A hushed silence permeates throughout the room, only to be disrupted by a council member murmuring into their microphone. Walking into the council chamber of Palo Alto City Hall, one is greeted by rows of taupe couches, nine council members peering down at the crowd from behind an arc-shaped podium and a jumble of citizens exiting and entering the chamber.
Idling in the back of the room are several residents with something to say. Among the congregation stands Peter Underhill, a resident of Palo Alto for the past 28 years and a researcher at Stanford University, who waits to voice his concern about three large homes simultaneously being built around his small cottage.
“I guess it’s an example of creative destruction,” Underhill says in a grave, gravelly tone. “Change of any type is always challenging. You know, I’m not against the project but I have a few concerns.”
Known as a college-town-turned-suburb and a cutting-edge hub for creation, innovation and technology, Palo Alto’s perks are also the sources of its problems. In particular, a housing shortage, sky-high prices and congested traffic cause concern among its citizens.
The Comprehensive Plan, Palo Alto’s land-use guidebook that incorporates citizen committee views and has been in the works for nearly a decade. Several key components of the plan were omitted on 5-4 votes by the City Council during a January meeting.
Following a notable council election and the recent controversial modifications to the Comprehensive Plan, the trajectory of Palo Alto’s future growth is shifting. As Palo Altans approach the crossroads of their city’s future, they are faced with the question — to grow or not to grow.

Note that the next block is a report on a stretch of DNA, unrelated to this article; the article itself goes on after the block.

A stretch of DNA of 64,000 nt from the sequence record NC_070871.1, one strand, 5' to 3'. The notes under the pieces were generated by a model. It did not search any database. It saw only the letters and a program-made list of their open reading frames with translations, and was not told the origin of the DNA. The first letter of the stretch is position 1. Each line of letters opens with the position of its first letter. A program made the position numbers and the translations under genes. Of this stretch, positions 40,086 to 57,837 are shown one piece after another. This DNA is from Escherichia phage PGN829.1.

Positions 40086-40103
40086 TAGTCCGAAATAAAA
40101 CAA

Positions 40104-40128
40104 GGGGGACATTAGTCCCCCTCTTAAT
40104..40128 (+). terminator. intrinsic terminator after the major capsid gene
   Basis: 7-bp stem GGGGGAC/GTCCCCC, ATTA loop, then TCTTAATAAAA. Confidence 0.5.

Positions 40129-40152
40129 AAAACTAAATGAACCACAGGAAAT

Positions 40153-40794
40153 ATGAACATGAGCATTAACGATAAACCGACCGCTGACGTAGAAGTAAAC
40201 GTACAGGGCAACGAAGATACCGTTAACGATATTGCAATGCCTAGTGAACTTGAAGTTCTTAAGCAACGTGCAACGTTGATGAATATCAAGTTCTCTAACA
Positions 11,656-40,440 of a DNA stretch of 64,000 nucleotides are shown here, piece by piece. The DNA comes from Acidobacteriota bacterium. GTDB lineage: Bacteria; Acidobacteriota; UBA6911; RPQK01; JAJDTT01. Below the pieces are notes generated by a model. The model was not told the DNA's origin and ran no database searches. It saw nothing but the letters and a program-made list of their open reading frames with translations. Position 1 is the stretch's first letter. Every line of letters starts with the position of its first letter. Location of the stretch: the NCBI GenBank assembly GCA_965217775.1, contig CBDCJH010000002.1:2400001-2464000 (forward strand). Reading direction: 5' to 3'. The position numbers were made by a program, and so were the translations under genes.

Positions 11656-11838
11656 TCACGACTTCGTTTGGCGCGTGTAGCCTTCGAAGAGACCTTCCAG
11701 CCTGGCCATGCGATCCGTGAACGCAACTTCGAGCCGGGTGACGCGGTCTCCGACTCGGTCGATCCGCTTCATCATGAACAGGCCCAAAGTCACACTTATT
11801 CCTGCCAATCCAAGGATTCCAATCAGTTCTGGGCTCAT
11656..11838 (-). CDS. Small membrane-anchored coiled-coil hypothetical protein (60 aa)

Back to the Beginning
Nestled in the Green Acres neighborhood, between apartment complexes and the remnants of an orchard, lies a site that resurrected a long-standing dispute. The largely-residential plot was to hold 60 units of affordable senior housing and 12 single family units, but controversy resulted in the 2013 creation of Measure D. If passed, the ballot would shift the zoning of Palo Alto from low-density to high-density.
Proponents of the measure argued that these housing units were necessary to provide the elderly with affordable housing. Opponents argued that the city’s traffic would become congested, quality of life would suffer and developers would take advantage of the situation and create dense, for-profit market-rate housing.
By a margin of 13 percent, the proposition was denied, halting the development and maintaining Palo Alto’s limitations on zoning.
Slow and Steady
After the debate regarding Measure D, a political action committee calling for slower development was formed. Focused on maintaining Palo Alto’s current status as a residential suburb and ensuring that transportation doesn’t become congested, Palo Alto for Sensible Zoning advocates that housing should remain low density and that development should focus on housing.
Many advocates of slower growth, known as “residentialists,” share a common sentiment — for Palo Alto to retain its intimate, small-town charm.
“I have a strong sense of wanting to preserve what is ‘Palo Alto’ about Palo Alto,” says Doria Summa, a member of the PASZ leadership team. “Retaining housing for existing residents and providing more below market rate housing in the future is a big part of what is ‘Palo Alto’ about our city to me.”
In the Fast Lane
On the other side of the debate is Palo Alto Forward, a non-profit organization, advocating for more development to address the problem of transportation, with solutions such as creating more local housing, allowing people to access their work spaces easier.
To maintain Palo Alto’s vibrant economy and community, PAF says more housing and development is necessary.
“If we don’t fix housing in Palo Alto, it will be very hard for people to have a good quality of life,” say Eric Rosenblum from PAF. “It also impacts their jobs, education and many other things.”
New Council Members: Where They Stand
Following a notable council election, the 2016 city council election has swung the majority to pro-growth. New council members play a crucial role in the future of Palo Alto growth.
Lydia Kou is one of the recently-elected council members who advocates for regulated growth. A long-time organizer of community preparedness events and groups. Kou says she is ‘for the residents’ and is associated with PASZ.
“I would prefer to be thought of as a pro-resident,” Kou says. “I’ve worked for years and years in the community as a volunteer and led many programs so I see myself as a pro-resident and maybe that might translate to a residentialist. If residentialist means I’m a pro-resident advocate, then I’ll take it.”